For men socialized not to express sadness via tears, crying can be a distressing and embarrassing experience. Try to change your perspective and remember that crying is a good thing. It may even make you feel better.

If you’re dealing with uncontrollable tearful outbursts, though, it may be time to speak to a therapist. You could be dealing with a more serious underlying issue.

8. Hormones

What’s another possible reason for higher rates of crying in women than in men? Hormones, of course! Estrogen— the predominant “female” hormone— is associated with the way your brain emotion.

During premenstrual syndrome (PMS), up to 90% of women report emotional symptoms. These symptoms include excessive crying, depression, anxiety, and social withdrawal.

Note that these symptoms may also influence individuals taking estrogen supplements during a gender transition.

How To Deal With Hormonal Crying

The great thing about hormonal crying is that it typically goes away after a woman’s period. However, if you experience severe mood swings or excessive crying that disrupt your daily life, you may have a premenstrual dysphoric disorder (PMDD).

PMDD is a severe form of PMS that can significantly interfere with daily life and interpersonal relationships. Post-partum depression and post-menopausal depression are also hormone-related conditions that can cause you to cry.

If you think you’re experiencing crying related to hormonal imbalances, there are some things you can do. For example, birth control may help some individuals who cry during PMS or post-partum depression. Anti-depressants are also useful for more severe hormone-induced mood swings.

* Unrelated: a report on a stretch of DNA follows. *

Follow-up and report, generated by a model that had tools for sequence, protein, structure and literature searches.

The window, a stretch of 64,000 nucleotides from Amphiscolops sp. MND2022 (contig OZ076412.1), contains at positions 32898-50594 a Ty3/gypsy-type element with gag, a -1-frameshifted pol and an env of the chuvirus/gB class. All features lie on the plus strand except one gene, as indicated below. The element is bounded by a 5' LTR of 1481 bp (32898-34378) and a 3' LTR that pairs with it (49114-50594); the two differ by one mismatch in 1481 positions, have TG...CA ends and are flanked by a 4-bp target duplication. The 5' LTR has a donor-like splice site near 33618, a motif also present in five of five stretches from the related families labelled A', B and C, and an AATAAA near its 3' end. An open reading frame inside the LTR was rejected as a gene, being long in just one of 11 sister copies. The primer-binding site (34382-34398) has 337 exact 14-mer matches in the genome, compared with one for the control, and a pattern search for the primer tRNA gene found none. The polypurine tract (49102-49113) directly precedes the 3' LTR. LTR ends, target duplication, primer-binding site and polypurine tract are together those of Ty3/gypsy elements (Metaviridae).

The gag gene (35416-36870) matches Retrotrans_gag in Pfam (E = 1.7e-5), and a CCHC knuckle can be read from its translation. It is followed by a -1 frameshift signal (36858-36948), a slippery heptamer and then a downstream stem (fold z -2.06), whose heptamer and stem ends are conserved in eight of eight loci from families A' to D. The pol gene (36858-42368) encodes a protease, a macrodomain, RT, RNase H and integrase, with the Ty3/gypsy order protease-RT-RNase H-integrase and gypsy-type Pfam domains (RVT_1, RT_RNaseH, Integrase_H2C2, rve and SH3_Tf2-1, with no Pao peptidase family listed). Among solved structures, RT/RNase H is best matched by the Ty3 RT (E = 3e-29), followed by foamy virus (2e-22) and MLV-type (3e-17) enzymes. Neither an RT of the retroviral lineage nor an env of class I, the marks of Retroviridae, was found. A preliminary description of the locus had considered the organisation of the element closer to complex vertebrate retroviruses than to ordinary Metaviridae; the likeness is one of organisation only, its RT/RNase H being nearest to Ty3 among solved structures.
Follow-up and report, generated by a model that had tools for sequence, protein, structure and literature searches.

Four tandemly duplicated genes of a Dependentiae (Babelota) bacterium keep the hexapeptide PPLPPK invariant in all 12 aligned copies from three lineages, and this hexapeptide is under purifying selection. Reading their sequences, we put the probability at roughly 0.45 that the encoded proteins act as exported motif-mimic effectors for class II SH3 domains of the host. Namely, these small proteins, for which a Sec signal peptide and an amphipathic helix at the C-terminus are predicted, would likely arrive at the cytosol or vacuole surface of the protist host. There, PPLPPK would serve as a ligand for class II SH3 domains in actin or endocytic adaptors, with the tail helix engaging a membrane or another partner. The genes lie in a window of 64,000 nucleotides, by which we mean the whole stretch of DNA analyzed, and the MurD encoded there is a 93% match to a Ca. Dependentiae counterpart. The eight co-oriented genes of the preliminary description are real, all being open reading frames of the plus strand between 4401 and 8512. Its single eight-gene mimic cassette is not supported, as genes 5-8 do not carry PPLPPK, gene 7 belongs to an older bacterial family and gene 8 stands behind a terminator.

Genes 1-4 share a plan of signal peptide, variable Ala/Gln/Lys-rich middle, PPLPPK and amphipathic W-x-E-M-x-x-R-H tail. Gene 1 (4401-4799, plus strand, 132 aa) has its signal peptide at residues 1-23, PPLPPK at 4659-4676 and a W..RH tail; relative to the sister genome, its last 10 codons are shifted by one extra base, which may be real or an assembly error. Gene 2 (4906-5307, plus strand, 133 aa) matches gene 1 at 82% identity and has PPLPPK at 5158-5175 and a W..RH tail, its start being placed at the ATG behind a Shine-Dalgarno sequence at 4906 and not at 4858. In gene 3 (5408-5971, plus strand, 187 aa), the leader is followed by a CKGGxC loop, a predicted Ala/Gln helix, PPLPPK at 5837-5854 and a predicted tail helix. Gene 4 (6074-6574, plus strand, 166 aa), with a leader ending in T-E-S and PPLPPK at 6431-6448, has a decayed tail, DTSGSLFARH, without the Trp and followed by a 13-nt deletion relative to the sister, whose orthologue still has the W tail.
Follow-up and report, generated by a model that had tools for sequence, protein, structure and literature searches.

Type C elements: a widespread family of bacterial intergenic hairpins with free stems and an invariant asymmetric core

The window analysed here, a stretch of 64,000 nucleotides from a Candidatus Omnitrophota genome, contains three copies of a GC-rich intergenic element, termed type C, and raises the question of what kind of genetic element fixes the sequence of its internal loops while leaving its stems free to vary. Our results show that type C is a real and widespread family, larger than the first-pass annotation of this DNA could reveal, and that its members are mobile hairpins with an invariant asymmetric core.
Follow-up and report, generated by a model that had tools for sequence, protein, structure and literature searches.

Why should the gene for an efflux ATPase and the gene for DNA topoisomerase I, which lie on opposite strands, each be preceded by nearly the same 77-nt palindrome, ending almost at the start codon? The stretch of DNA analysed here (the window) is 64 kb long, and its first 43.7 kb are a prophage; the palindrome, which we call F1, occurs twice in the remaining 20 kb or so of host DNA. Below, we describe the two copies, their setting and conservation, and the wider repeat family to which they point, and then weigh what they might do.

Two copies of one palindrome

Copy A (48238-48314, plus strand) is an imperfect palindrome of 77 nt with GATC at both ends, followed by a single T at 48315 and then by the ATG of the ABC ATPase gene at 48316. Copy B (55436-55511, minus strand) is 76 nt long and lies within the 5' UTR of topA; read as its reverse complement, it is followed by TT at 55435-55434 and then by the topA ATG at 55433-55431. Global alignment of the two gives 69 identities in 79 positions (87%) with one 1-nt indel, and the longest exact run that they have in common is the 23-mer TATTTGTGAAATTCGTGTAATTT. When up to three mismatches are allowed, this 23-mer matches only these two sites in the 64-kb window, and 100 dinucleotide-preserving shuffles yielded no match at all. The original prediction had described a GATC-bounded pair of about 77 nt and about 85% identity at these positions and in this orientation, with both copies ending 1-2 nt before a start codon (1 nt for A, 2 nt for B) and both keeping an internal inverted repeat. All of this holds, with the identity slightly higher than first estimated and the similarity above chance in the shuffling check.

9. Childhood Or Adult Trauma

As we’ve discussed already, crying is a normal response to feeling stressed out. It stands to reason, then, that chronically stressed people may cry more easily and more often than others.

Indeed, post-traumatic stress disorder (PTSD) from childhood or adult trauma reports frequent urges to cry. People who have complex PTSD from repeated or prolonged trauma may be even more susceptible to unexplained crying.

How To Deal With Trauma-Related Crying

Crying related to past traumas is completely normal and even healthy. So, the first step to coping with trauma-related crying is to choose not to shame yourself for how you feel. Remind yourself that crying is good for you and let others in on that secret, too.

However, if uncontrollable crying is severely impairing your life or relationships, some treatments can help. Eye movement desensitization and reprocessing (EMDR) therapy has been shown to lessen the symptoms of PTSD. Talk therapy is another option that allows many people recovering from trauma to find relief.

10. Anxiety

18% of people in the US have anxiety, making it the country's most common mental health condition. If you always feel like crying, odds are it’s a symptom of anxiety. This condition’s top symptoms include excessive worry, irritableness, trouble concentrating, and crying.

How To Deal With Anxious Crying

Depending on how severe your anxiety is, there are different ways to deal with anxious crying.

Therapy and medication are some of the top choices for more severe cases. For milder cases of anxiety, making a simple change to your diet, sleeping pattern, and exercise routine may be sufficient to alleviate your uncontrollable crying.

Crying Is Natural, But Understanding Why We Cry Can Be Beneficial

Why Do I Feel Like Crying? The Bottom Line

Are you always wondering: why do I feel like crying? Then feel some peace of mind knowing that crying is good for you. It is scientifically proven to make you feel better and help you deal with stressful situations.

Yet, what happens when one good cry turns into daily uncontrollable outbursts? Find a ReGain therapist who can help you understand your unexplained crying and learn a healthy way to cope with them.